Calais crisis: Migrants are living in appalling conditions, say doctors

Scabies is spreading like wildfire

Charlie Cooper
Saturday 26 September 2015 22:06
Volunteer doctors and nurses working for Doctors of the World are the only medical staff in ‘the Jungle’ in Calais
Volunteer doctors and nurses working for Doctors of the World are the only medical staff in ‘the Jungle’ in Calais

In the sprawling shanty town among the sand dunes and motorways outside Calais, known locally as “the Jungle”, there is only one clinic, and its daily catalogue of health conditions tells a story about the kind of place this is.

“We see patients whose feet are in an awful condition,” says Holly Howe Watson, a nurse with Doctors of the World (DOTW), the only group providing medical care to the thousands of refugees and migrants who live here, in limbo. Some of the blisters, she says, are the kind that could form only on the feet of someone who has walked across France in flip-flops. Ms Howe Watson, 24, a newly qualified NHS nurse, is one of a small group of volunteers who staff the clinic.

Trauma injuries caused by attempts to climb towering security fences in order to board trains and lorries heading across the Channel are also common. As a queue forms outside the clinic over lunchtime on a sunny afternoon, one young man near the front sits with his head in bandaged hands.

“The barbed wire has lots of little spines and it really rips the skin,” says medic Dr Mohammed Bakir, 27, another volunteer. The staff have also seen dog bites, injuries from police batons, and broken limbs from jumping over fences.

Living conditions in the Jungle are perfect for any infectious condition to spread. Exhausted people are more susceptible, and colds and flu are very common

“Scabies is also a huge problem,” Dr Bakir says. “I would estimate 30 to 40 per cent of my patients have it. It’s to do with the living conditions.”

Ramin, a 25-year-old teacher from near Kirkuk in Iraq, who arrived in Calais with three friends two months after fleeing fighting between Islamic State (IS) and the Kurdish Peshmerga – one of hundreds of thousands to have made the journey from the Middle East to Europe this year – says it is the first time he has seen doctors and nurses in weeks. He is grateful and enthusiastic about his prospects of reaching Britain.

Fadel, 33, a Sudanese teacher who has been in France for more than a month and has already run the gauntlet of security forces, fences and electrified train lines, is more doubtful: “For every sickness, all they can give is the same antibiotics,” he says. “There are maybe 3,000 people here. How can they cope?”

In a place where four, five or more people share a small tent, where access to water is limited and hot water almost non-existent, where rubbish piles up or is burnt by the roadside, scabies – which causes intense itching and can be passed on via bedding and clothing – will spread like wildfire.

You can get the mites out of your clothes by putting them in boiling water, or sealing them in a bag for two weeks, Dr Bakir says. “But if anyone here did that they probably wouldn’t have clothes for two weeks.”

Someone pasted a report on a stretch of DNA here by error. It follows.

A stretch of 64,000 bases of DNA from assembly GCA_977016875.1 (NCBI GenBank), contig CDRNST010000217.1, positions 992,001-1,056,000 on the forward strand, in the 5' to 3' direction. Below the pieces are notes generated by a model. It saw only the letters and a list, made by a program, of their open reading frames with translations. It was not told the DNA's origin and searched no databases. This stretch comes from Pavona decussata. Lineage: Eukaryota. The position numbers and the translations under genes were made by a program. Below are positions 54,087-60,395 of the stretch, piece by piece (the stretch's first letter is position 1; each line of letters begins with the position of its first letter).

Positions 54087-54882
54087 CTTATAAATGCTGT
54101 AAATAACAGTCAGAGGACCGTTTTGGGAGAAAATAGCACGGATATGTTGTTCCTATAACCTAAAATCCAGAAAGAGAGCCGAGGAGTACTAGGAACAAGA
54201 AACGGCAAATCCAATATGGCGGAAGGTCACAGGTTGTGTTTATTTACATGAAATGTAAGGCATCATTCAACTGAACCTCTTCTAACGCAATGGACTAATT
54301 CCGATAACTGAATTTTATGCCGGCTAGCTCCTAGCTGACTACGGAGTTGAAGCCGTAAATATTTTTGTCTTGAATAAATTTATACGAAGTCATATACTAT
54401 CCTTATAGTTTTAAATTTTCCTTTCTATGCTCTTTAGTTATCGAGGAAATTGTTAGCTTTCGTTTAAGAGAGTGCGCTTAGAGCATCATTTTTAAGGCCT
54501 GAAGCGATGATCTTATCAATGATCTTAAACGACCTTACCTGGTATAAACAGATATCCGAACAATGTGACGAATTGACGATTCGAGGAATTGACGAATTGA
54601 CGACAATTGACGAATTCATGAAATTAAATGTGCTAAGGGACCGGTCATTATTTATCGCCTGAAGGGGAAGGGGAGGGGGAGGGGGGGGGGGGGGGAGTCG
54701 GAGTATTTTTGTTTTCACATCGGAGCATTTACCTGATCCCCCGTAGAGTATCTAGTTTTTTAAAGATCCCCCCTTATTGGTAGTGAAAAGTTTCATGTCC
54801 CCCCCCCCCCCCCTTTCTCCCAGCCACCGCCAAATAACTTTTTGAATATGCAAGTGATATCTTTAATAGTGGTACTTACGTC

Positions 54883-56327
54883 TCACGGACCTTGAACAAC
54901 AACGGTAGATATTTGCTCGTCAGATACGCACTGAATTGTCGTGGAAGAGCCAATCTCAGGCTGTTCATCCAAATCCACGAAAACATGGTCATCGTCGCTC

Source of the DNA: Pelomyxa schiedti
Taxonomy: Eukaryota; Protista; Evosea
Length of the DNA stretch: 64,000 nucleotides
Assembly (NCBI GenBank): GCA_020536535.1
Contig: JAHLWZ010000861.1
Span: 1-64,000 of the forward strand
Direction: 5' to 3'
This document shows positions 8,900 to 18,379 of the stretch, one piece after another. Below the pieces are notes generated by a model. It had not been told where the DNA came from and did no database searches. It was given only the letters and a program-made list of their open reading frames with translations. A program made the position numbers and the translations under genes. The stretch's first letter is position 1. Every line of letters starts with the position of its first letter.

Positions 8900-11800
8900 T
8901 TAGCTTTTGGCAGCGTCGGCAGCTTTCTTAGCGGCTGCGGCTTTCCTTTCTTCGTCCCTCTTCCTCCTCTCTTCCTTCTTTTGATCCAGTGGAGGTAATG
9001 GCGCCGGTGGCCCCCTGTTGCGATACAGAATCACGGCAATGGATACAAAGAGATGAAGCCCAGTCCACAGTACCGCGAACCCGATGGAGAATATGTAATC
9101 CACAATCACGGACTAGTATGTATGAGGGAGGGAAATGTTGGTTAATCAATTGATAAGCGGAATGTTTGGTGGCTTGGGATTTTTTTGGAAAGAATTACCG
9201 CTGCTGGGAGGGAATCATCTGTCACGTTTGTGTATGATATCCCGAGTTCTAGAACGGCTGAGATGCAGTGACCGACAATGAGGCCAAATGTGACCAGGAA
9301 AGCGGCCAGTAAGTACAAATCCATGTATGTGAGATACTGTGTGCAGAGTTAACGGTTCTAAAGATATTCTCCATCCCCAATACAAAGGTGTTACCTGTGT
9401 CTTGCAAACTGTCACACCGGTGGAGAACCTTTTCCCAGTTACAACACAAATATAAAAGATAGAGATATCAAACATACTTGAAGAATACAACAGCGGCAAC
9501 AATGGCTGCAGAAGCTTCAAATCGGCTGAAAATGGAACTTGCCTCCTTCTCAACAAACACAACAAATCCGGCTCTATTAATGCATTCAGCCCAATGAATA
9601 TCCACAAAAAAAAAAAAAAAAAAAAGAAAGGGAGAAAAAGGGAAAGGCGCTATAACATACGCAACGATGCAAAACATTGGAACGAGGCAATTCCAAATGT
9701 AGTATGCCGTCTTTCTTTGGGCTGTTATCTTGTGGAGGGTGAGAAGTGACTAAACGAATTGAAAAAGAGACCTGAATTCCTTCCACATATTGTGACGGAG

Living conditions in the Jungle are perfect for any infectious condition to spread. Exhausted people are more susceptible, and colds and flu are very common. There have even been cases of chickenpox among the camp’s many Sudanese residents, who are rarely exposed to the infection back home, and now, in adulthood, get a more severe form of the common childhood disease.

The United Nations special representative on international migration, Peter Sutherland, has called conditions in the Calais camp as “an indictment on society” and that he would not easily recover from the “shock” of what he had seen in Calais. On Friday, he said that a politician would have to be “totally insensate to see the Calais camp and not to be moved by it”.

A limited supply of medicines is prescribed and people can be patched up. The seriously hurt are taken by DOTW staff to the local hospital, which cannot turn down urgent cases, whatever a person’s immigration status.

Concern about the dire conditions in the Jungle have now prompted calls for action from the UK’s leading medical union, the British Medical Association (BMA). Dr John Chisholm, chair of the BMA’s medical ethics committee, last week called for urgent action from government on both sides of the Channel.

“Many of those fleeing armed conflicts, including the current conflict in Syria, fear for their lives. All face the loss of their home, their livelihood and their community. Their plight is truly appalling,” Dr Chisholm said. “The arrangements for refugees and asylum-seekers in Calais are grossly unsatisfactory, and the UK and French governments need urgently to improve the environment and the care of the displaced persons who are living in such parlous conditions.”

Leigh Daynes, DOTW’s UK director, said that the charity is reaching the limits of what it can do. “People are living in horrendous conditions,” he said. “We are calling for a proportion of the funding allocated to Calais to improve security at the port to be diverted towards meeting the serious and immediate humanitarian needs of migrants.

“Calais is neither a French nor a British problem. It is a global issue which needs a global response.”

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